Kimura Sushi - Report



What defines a great kitchen or restaurant? To some in the Food channel era, maybe watching Hell's Kitchen you may get a sense that you need a great leader like a Gordon Ramsay that demands perfection, that pushes his team to their full potential. Ensuring every cook gives 110 percent every night for the paying guest. Whist this may be reality TV show. I've never encountered such an environment. In my professional experience, whether cooking fine dining for 25 covers on a Monday night, to cooking 350 covers on a Mother's Day brunch, some things are very relevant. You need focused intensity when preparing and plating food. The kitchen is like a zen garden. Where you leave your problems behind, once you step into the kitchen. And you commit to your role and perform the task required as well as you can and asking for help if necessary. Whilst it is great to push boundaries and demand more from each individual. Service time is not the time and place to be practicing new skills or techniques. It is a time of precise timely execution. It is a time when every team member is harmoniously and symbiotically working together. Trusting each member of their team in executing their task with zero complications. An environment where open communication and camaraderie is welcomed. I do agree with Gordon Ramsay, all that matters is the guest's dining experience. The leaders in most professional kitchen are not drill sergeant's; rather they act as facilitators. Ensuring that his team has the required resources, skills and ability to execute at that level. I believe you always talk up the positives publicly and deal with the negatives privately.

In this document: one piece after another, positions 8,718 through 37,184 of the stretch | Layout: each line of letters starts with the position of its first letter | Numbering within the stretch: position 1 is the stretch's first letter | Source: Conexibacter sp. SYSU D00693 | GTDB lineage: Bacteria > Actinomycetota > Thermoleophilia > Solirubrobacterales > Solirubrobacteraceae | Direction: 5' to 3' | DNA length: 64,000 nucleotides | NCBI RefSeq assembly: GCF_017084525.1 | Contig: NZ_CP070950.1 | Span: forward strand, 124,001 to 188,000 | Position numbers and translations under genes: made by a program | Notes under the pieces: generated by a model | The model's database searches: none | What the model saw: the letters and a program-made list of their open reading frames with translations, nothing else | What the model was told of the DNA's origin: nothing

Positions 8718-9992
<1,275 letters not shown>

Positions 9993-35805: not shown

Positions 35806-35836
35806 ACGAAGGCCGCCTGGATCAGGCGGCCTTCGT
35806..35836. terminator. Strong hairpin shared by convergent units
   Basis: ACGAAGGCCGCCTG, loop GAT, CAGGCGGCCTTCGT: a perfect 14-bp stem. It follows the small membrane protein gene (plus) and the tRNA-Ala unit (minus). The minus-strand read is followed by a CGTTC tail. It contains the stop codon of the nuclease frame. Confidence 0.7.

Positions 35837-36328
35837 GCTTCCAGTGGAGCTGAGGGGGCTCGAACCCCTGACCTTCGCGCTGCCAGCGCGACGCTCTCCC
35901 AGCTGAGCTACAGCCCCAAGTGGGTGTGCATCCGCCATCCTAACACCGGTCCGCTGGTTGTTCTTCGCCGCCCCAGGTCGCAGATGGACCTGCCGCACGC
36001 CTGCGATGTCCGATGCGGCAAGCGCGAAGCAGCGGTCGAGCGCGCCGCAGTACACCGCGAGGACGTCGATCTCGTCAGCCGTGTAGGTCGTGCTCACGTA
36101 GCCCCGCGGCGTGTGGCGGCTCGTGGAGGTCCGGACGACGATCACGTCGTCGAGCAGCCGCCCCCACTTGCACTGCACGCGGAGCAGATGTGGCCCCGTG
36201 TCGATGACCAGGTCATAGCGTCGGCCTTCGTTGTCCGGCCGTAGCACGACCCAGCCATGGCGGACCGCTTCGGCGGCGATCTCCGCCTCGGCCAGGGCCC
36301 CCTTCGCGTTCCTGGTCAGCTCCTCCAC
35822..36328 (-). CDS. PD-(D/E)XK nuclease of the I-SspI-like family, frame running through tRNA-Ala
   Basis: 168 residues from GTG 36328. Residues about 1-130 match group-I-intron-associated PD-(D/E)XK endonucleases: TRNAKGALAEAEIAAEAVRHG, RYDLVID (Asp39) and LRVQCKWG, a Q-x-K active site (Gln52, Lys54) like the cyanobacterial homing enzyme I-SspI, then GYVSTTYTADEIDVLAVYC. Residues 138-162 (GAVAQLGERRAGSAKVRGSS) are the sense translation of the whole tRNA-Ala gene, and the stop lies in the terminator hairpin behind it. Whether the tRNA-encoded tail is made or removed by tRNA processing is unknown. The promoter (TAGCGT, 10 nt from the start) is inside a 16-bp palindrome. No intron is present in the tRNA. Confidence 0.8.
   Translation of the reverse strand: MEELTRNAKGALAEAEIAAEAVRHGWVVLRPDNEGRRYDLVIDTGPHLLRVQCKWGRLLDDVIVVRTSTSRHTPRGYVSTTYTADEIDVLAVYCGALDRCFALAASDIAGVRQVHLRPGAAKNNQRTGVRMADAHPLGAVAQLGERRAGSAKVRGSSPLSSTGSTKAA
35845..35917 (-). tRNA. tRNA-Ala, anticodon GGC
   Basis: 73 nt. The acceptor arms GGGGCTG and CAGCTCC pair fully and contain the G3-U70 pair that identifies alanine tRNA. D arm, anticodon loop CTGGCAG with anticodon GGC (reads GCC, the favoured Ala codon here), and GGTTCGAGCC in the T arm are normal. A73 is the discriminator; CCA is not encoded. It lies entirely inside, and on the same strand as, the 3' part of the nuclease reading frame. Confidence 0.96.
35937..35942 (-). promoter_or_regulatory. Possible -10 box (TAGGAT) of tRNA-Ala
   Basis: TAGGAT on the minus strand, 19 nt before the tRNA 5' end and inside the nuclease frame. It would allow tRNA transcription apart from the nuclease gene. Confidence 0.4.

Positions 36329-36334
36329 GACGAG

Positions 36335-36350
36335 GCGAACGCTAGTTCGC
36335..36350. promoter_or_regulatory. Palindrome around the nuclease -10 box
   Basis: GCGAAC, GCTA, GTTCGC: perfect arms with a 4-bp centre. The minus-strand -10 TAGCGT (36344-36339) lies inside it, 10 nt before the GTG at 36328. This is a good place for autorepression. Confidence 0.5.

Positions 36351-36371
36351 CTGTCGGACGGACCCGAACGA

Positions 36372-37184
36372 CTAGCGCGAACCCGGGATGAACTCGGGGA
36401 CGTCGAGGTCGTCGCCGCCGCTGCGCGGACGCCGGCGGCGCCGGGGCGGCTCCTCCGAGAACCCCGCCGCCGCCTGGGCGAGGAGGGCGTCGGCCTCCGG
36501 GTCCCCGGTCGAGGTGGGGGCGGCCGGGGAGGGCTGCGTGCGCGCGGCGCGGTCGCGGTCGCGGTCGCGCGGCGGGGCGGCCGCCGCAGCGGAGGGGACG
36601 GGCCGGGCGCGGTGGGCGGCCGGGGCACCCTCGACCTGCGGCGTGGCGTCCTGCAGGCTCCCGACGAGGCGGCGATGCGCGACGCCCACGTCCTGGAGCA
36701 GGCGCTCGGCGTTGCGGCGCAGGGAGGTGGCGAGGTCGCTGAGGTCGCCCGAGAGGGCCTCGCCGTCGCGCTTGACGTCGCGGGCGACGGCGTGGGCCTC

Oh yeah, here is my report on Kimura Sushi. :-D Located South of 22nd Avenue and on Rupert Street, Kimura Sushi is a potential hidden gem. If you drive on Rupert Street, chances are you may miss the sign hidden behind a tree. It has only been opened 3 weeks. And in the soft opening mode when I dined there. At the heart of the operation is Kimura-san. Who has worked in the US, China and Japan in various Japanese restaurants. He certainly appears to have quite a sushi making pedigree. His last restaurant in Santa Monica was popular with the more discerning sushi eaters in SoCal. After decades of working, owning and running Japanese eateries, Kimura-san says that this is his retirement sushi shop. I am not an expert in Japanese cuisine, nor even an expert in Japanese food. I can only based what I say on my limited knowledge. Kimura-san clearly demonstrates a proficiency in Japanese cuisine. He deftly wields his knife as efficiently as a samurai warrior. Each slice with a clearly defined task. When I asked him about his sauces and ingredients, he rarely hesitated to share his knowledge. Even going as far showing me his special order Konbu(Kelp) from Japan. And he uses a blend of White Miso Sauce and Red Miso Sauce to yield a delicious tasting sauce that he serves with several items including the ankimo(monk fish liver).